Elisabeth Parker, Tampa Bay Times
“Congratulations,” Mahmoud Gomaa said to a class of first-graders standing under a model airplane. “You’ve just arrived in the holy city of Mecca.”
Gomaa, vice principal of the American Youth Academy, came to the school seven years ago and brought the annual hajj simulation to teach children about the rite, the fifth pillar of Islam.
The annual five-day pilgrimage to Islam’s holiest city starts Sunday. But in Tampa, more than 400 students at the private Islamic school started early, re-enacting significant events in the lives of Abraham, Hagar and Ishmael as chronicled in the Koran.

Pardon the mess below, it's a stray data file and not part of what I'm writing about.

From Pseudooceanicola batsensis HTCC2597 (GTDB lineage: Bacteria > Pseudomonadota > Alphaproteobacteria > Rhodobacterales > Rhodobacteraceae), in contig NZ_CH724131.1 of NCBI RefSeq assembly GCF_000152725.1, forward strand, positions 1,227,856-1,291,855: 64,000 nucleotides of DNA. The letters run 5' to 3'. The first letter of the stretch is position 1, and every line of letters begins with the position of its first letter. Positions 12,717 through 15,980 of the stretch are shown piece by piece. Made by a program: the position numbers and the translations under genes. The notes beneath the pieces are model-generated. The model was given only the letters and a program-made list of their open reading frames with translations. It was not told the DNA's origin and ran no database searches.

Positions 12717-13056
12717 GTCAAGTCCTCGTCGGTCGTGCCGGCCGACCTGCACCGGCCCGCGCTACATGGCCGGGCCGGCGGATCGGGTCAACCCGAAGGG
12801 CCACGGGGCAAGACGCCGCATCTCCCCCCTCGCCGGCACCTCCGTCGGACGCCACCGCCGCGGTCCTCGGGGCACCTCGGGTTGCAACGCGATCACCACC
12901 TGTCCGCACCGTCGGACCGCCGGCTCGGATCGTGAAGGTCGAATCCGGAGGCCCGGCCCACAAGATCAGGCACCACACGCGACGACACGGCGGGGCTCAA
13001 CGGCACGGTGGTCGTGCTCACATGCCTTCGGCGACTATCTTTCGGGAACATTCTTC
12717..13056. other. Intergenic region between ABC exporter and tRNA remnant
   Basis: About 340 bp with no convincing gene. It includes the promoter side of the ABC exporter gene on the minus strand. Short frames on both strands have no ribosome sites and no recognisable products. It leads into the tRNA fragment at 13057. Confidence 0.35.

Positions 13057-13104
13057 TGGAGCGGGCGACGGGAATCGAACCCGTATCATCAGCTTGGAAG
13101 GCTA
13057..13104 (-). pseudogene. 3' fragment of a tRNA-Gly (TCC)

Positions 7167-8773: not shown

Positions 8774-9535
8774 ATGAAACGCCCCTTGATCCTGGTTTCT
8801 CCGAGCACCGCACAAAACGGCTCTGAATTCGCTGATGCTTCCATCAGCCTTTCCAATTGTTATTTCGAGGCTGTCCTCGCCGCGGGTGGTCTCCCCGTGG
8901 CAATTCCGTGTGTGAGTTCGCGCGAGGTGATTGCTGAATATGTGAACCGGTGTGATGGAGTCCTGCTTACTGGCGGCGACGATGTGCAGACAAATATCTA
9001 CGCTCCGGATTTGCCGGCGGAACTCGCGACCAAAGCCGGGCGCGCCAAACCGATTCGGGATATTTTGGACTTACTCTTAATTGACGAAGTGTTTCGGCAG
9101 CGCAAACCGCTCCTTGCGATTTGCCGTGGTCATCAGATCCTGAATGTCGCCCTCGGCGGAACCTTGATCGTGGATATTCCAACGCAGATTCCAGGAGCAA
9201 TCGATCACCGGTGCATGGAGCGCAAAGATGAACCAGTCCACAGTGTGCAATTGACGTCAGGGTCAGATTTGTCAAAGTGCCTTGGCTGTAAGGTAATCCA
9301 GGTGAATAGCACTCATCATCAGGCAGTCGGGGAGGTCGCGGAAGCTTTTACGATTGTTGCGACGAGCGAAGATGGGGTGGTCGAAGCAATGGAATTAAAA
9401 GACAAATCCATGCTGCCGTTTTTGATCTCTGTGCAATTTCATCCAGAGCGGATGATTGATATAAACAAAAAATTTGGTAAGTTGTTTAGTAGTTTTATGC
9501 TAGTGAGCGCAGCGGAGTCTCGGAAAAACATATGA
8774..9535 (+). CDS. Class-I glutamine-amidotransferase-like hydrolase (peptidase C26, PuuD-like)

Older students had built replicas of buildings and a mountain that students might see in Mecca more than 7,000 miles away.
Gomaa welcomed students into the large room and told the children they were in a safe place. First, they would get clean and put on special clothes — a white drape exposing the right shoulders of the boys and modest clothes covering all but the hands and faces of the girls. Then they lay under a tent.
Gomaa said the simulation is the best way to educate people, and invites anyone interested to call the office to schedule a visit. He said the journey of Abraham, commanded by God to sacrifice his son, is similar to stories in Judaism and Christianity. (Read more)